Cathedral of Saint Mary of the Assumption, Siena, Italy
Crowds gathered at the entrance to Cattedrale dell'Assunta, Siena, Italy
Bridget and Joseph near the entrance to the Baptistry of San Giovanni, Siena, Italy
View of the Duomo from our room at Alma Domus, Siena, Italy
Medieval Siena, jewel of ItalyFinding our way into Siena by car involved four failed attempts; but following the soccer ball icon to the stadium proved to be a successful entry method, much to our relief. An ancient city, Siena offers no passage for visitors' vehicles. Massive parking areas lined the outer city limits; from there we ventured on foot (about a mile) to find our room at the Alma Domus, directly below St. Dominic's Basilica. Our simple room had four comfortable single beds, a mini-kitchen, table and bathroom with micro-shower. The view of Siena's famous Duomo from our window filled our room with grandeur.
Sickness struck again, this time with Peter as the victim. Though I offered to take my turn as resident nurse, Tim again requested the duty; both as a day of rest and as an honor to do a job I most often get to do while he's at work. My amazing husband; we are so blessed by his fatherhood. Peter and Tim stayed in the room, resting and recovering for most of the day.
Joseph and I ventured out to discover the treasures of Siena, beginning at the house of St. Catherine which was just below (perhaps even attached to) our hotel. In this place, this holy place where St. Catherine prayed and lived, Joseph and I enjoyed solitude and silence, taking in the tremendous beauty of the murals depicting scenes from St. Catherine's life. My favorite (below) depicts St. Catherine receiving a wedding ring from Christ, accompanied by our Blessed Mother, witnessed by saints and angels.
St. Catherine of Siena, bride of Christ
St. Catherine cut her hair and put aside her fancy clothing as an act of modesty, to shun the worldly attention of potential suitors and devote her life to Christ.
The youngest of twenty five children, St. Catherine of Siena consecrated her virginity and her entire life to Christ at the age of seven. From her her earliest years she spent hours every day in prayer, and could see guardian angels! She received the habit of a Dominican tertiary at the age of seventeen, and though she died in her early thirties, made (and indeed continues to make) a tremendous impact on the lives of countless individuals and upon the Holy Catholic Church. St. Catherine's writings are ever pertinent; her wisdom far reaching and magnificent!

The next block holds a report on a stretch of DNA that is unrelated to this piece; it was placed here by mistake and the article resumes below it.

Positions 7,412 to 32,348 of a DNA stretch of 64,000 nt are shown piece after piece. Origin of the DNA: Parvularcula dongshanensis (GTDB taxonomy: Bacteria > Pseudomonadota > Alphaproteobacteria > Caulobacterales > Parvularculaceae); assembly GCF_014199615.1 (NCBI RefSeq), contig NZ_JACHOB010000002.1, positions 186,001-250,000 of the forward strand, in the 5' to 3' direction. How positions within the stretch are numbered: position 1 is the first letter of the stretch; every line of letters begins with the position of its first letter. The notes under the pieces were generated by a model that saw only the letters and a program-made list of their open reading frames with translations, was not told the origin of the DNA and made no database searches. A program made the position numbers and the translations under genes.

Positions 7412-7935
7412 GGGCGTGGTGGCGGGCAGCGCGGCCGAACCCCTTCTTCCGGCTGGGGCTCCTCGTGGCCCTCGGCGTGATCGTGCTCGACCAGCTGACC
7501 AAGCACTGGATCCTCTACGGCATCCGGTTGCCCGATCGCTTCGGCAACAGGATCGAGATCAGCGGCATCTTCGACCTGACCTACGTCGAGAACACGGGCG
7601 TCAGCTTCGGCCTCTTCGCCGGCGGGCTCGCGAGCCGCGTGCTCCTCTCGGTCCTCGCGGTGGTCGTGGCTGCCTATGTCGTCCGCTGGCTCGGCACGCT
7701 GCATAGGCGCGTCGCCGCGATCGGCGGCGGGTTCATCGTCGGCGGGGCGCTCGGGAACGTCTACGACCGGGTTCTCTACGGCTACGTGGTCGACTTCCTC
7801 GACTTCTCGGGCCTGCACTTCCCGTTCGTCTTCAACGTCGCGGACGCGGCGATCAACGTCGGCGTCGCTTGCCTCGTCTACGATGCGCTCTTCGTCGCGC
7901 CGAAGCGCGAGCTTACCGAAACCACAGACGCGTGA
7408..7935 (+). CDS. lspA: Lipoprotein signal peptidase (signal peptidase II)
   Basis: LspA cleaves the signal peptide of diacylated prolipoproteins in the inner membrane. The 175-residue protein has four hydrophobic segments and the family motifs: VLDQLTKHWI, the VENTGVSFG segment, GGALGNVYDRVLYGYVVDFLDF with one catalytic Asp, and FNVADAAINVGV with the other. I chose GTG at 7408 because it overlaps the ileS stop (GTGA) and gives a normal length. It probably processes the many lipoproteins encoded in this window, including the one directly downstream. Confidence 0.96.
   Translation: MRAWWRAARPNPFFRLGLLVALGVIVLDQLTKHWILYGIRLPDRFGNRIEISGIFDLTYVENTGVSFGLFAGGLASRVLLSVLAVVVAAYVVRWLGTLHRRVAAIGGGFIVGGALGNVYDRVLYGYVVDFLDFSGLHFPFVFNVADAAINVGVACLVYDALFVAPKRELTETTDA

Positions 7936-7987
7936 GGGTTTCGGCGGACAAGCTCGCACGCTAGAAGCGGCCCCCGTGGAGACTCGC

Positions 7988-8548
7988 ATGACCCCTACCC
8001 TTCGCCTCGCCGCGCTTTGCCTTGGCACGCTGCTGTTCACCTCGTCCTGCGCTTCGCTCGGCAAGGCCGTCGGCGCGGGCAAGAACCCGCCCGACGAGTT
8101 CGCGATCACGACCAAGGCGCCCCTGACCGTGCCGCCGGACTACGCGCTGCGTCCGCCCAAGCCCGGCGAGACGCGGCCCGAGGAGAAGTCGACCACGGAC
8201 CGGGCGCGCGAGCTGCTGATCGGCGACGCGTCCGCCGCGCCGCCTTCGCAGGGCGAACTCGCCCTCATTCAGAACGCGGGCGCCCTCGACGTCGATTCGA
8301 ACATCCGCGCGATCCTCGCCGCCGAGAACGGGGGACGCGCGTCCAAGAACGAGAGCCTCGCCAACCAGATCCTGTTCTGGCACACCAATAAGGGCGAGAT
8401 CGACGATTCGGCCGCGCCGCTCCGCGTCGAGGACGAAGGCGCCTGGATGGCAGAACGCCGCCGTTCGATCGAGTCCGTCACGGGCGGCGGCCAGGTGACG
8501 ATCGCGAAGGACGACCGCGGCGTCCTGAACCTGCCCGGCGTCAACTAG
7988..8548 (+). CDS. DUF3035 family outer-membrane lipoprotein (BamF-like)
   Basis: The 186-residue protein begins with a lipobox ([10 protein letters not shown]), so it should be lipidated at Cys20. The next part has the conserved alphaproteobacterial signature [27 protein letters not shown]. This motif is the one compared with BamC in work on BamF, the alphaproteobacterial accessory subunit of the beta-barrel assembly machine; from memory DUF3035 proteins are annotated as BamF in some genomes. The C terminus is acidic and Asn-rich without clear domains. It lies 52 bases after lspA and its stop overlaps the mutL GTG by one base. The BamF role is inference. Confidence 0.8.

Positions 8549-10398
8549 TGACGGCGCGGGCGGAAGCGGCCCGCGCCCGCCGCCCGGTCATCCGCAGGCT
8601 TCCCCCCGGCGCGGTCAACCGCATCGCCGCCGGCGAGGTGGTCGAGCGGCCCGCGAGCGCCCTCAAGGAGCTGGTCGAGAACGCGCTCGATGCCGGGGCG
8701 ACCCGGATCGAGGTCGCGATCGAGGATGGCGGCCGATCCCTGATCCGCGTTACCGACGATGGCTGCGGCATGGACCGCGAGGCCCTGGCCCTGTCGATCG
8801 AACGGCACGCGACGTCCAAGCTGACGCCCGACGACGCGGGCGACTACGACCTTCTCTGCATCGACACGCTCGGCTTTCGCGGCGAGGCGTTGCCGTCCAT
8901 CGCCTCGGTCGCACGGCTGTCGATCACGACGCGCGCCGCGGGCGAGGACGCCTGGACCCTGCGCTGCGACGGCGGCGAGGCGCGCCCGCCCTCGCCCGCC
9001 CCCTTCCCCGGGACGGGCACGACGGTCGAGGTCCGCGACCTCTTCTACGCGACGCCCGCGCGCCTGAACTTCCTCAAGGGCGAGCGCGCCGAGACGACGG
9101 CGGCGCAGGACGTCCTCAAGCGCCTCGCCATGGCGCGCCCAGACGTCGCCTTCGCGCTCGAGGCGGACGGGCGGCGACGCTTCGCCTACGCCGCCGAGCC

"O inestimable charity! Even as You, true God and true Man, gave Yourself entirely to us, so also You left Yourself entirely for us, to be our food, so that during our earthly pilgrimage we would not faint with weariness, but would be strengthened by You, our celestial Bread. O man, what has your God left you? He has left you Himself, wholly God and wholly Man, concealed under the whiteness of bread. O fire of love! Was it not enough for You to have created us to Your image and likeness, and to have recreated us in grace through the Blood of Your Son, without giving Yourself wholly to us as our Food, O God, Divine Essence? What impelled You to do this? Your charity alone. It was not enough for You to send Your Word to us for our redemption; neither were You content to give Him us as our Food, but in the excess of Your love for Your creature, You gave to man the whole Divine essence . . ." --Saint Catherine of Siena
These walls were made for climbing!
Sadly, Siena (like Venice) operates turn-style paid-only admission to several prominent Churches. Perhaps the majority of visitors to these sacred places are simply seeking great views of the breath-taking art; but for pilgrims who come to pray and worship, being turned away at the entrance for lack of admission is shocking and very disturbing to say the least. As members of the One, Holy, Catholic, Apostolic Church; we belong to the living body of Christ. How then, could we be denied entrance during business hours?
We were allowed free entrance to these "pay to enter" Churches for Mass; though on one occasion the guard pretended he did not know what we were talking about, "Not open, not open!" When he finally relented and let us enter for Mass, he repeated at least three times, "Sacristy ONLY, no Cathedral!" Perhaps he is employed to make sure our attendance at Mass was not simply a ruse at getting free admission to the "art gallery?" He was by far the least welcoming "greeter" we have ever encountered at the doors of a Church. The crowd for Holy Mass was small; the crowds amassing for admission at tour time large: something is definitely wrong with this picture.
Please join our prayers for our Church that the lively faith of her members will increase and the secular attempts to commercialize her sacred-ness and capitalize on her beauty will be overturned like the tables of the money changers in the temple area!
- Lacking the enthusiasm to tromp all over Siena searching for a restaurant at dinner time, we decided to eat at the very closest restaurant (a few steps from our room).
- The entire restaurant (inside and out) was unoccupied; the waiters were hanging around, visiting with one another.
- When we asked to be seated, we were shocked at the reply: "Do you have a reservation?"
- By 8PM, the place was completely packed, and we were the odd foursome seen deserting our table at the beginning of the Italian dinner hour (having completed our meal, we were heading for the room).